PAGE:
Among the findings of interest, Sørensen et al13 in 1976 performed biopsies of polyps after treatment with beclomethasone dipropionate aerosol for 1 year and observed decreased interstitial fluid within the tissue by light microscopy. Furthermore, there were no consistent changes of the surface epithelium by transmission electron microscopy. Quantitative data or controls were not presented. In 1977, Poytner14 observed that no mucosal atrophy occurred in patients treated with beclomethasone for 2.5 to 3.5 years. In 1978, Mygind et al15 reported that biopsy specimens of nasal polyps in patients receiving beclomethasone treatment for 3 years showed no changes in epithelial metaplasia or ciliary structure. In 1982, Holopainen and colleagues16 performed biopsies in 6 patients after 6 years of treatment with beclomethasone and observed no evidence of atrophy. No quantitative data were presented. In 1983, Knight and Kolin17 performed biopsies in 9 patients with perennial rhinitis with or without allergy after the patients had received beclomethasone for 48 weeks in an open, noncomparative study. They reported no evidence of atrophy or scarring as assessed by light microscopy, but few details were presented. In 1988, Pipkorn et al18 reported on a multicenter, open longitudinal study of 24 patients receiving budesonide. Biopsy specimens obtained at entry and after 1 year (5 patients) and between 2.5 and 5.5 years (5 patients) of use showed no significant change. In a more recent study, Minshall and colleagues20 evaluated nasal biopsy specimens from an open study of 52 subjects with perennial rhinitis before and after 1 year of treatment with mometasone furoate by light microscopy and compared the results with those from 24 healthy subjects who underwent biopsy at baseline and after 1 year without treatment. They found no change in epithelial thickness, no signs of atrophy, and a decrease in focal metaplasia.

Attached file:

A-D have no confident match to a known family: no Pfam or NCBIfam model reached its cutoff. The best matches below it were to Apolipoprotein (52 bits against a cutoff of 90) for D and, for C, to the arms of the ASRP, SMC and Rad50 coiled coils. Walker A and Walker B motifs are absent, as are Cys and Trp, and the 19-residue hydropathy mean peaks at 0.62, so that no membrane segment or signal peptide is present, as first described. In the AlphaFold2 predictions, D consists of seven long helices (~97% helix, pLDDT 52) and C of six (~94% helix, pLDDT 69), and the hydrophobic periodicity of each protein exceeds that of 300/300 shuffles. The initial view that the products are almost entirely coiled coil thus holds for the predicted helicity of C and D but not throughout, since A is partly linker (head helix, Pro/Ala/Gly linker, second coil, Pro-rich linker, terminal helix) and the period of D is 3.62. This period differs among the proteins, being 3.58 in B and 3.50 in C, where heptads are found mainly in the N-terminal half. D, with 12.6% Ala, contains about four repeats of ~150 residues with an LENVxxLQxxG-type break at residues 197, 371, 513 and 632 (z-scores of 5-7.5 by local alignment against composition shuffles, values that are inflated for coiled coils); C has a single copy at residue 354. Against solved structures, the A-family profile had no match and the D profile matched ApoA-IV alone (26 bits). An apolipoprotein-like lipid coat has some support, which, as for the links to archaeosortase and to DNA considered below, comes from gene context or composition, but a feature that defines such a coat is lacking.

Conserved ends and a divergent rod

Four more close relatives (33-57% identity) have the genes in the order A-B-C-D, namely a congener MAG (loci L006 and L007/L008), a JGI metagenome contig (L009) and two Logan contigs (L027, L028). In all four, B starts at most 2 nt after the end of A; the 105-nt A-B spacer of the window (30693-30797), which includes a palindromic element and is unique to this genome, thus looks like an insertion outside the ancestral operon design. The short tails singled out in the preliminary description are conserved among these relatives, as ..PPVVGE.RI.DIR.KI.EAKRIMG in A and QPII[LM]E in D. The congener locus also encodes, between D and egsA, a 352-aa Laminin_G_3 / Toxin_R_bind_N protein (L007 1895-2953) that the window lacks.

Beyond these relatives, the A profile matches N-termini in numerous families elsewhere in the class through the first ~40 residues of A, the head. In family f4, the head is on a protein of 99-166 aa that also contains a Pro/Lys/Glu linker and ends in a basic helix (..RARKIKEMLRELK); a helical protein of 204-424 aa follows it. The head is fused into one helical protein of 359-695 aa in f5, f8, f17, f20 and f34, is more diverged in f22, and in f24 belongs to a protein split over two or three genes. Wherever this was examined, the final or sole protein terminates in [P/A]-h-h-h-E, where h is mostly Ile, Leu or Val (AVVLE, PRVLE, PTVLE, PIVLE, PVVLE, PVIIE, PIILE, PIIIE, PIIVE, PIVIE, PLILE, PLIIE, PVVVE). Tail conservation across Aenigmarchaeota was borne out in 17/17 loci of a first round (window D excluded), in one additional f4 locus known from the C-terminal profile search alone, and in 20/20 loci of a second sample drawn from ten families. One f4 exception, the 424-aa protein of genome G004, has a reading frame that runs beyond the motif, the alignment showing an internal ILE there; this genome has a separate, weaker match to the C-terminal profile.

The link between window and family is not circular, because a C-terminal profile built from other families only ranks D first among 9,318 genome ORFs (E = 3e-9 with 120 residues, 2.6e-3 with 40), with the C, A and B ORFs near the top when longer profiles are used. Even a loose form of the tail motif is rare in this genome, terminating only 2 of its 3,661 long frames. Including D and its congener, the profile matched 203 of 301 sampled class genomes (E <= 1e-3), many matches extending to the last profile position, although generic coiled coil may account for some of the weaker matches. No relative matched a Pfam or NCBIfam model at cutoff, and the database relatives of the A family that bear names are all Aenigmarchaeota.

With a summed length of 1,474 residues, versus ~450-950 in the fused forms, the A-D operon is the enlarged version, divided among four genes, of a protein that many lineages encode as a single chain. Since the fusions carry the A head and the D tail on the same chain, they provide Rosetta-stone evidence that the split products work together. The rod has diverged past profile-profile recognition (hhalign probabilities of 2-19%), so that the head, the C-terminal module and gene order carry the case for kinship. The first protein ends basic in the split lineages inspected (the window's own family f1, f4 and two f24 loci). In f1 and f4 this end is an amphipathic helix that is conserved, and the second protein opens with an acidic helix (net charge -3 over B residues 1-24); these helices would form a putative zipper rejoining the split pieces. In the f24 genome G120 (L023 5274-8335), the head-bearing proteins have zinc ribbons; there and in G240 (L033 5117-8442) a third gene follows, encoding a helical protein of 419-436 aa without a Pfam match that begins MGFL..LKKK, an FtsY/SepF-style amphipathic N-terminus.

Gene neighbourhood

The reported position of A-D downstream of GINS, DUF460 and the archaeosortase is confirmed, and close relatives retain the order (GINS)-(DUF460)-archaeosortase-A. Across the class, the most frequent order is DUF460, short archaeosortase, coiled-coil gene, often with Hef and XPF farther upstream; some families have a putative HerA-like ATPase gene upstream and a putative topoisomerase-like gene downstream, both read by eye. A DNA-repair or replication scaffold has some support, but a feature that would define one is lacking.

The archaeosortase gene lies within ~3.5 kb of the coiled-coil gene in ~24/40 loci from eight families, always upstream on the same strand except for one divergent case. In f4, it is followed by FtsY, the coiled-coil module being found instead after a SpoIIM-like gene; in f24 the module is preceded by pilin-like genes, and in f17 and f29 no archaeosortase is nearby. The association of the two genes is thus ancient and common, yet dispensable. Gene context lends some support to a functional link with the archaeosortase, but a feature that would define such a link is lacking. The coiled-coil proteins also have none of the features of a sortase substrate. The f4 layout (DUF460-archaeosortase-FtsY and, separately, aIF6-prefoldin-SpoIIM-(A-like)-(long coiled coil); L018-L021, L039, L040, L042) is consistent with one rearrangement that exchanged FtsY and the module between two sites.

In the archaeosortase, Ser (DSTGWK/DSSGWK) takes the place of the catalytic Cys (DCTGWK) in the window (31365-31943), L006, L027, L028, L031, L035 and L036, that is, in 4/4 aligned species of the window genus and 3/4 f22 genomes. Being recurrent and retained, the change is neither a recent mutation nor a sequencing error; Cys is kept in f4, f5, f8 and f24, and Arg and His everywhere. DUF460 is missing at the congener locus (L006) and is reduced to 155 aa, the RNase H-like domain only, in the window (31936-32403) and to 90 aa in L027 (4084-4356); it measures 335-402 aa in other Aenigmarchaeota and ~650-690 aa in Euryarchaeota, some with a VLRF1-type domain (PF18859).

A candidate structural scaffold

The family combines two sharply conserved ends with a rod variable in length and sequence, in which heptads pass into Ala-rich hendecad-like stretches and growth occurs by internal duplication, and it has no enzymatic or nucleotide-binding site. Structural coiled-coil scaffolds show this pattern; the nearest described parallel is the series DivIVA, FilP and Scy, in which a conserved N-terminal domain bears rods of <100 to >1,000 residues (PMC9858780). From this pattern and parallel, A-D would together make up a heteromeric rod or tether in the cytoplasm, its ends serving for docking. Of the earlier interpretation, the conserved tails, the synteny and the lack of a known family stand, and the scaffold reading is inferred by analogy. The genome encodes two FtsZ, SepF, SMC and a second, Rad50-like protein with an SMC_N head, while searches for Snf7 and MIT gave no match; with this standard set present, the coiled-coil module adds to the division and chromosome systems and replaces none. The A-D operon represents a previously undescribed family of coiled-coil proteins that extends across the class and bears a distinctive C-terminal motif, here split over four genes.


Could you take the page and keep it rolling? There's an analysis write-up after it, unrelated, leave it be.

In 1991, Orgel and colleagues19 evaluated 41 paired nasal biopsy specimens from an open-label study of fluocortin butyl. They reported no evidence of basement membrane thinning and, similar to our findings, observed a tendency for improvement of the epithelium toward columnar. The authors concluded that intranasal corticosteroids improve epithelial injury secondary to chronic inflammation.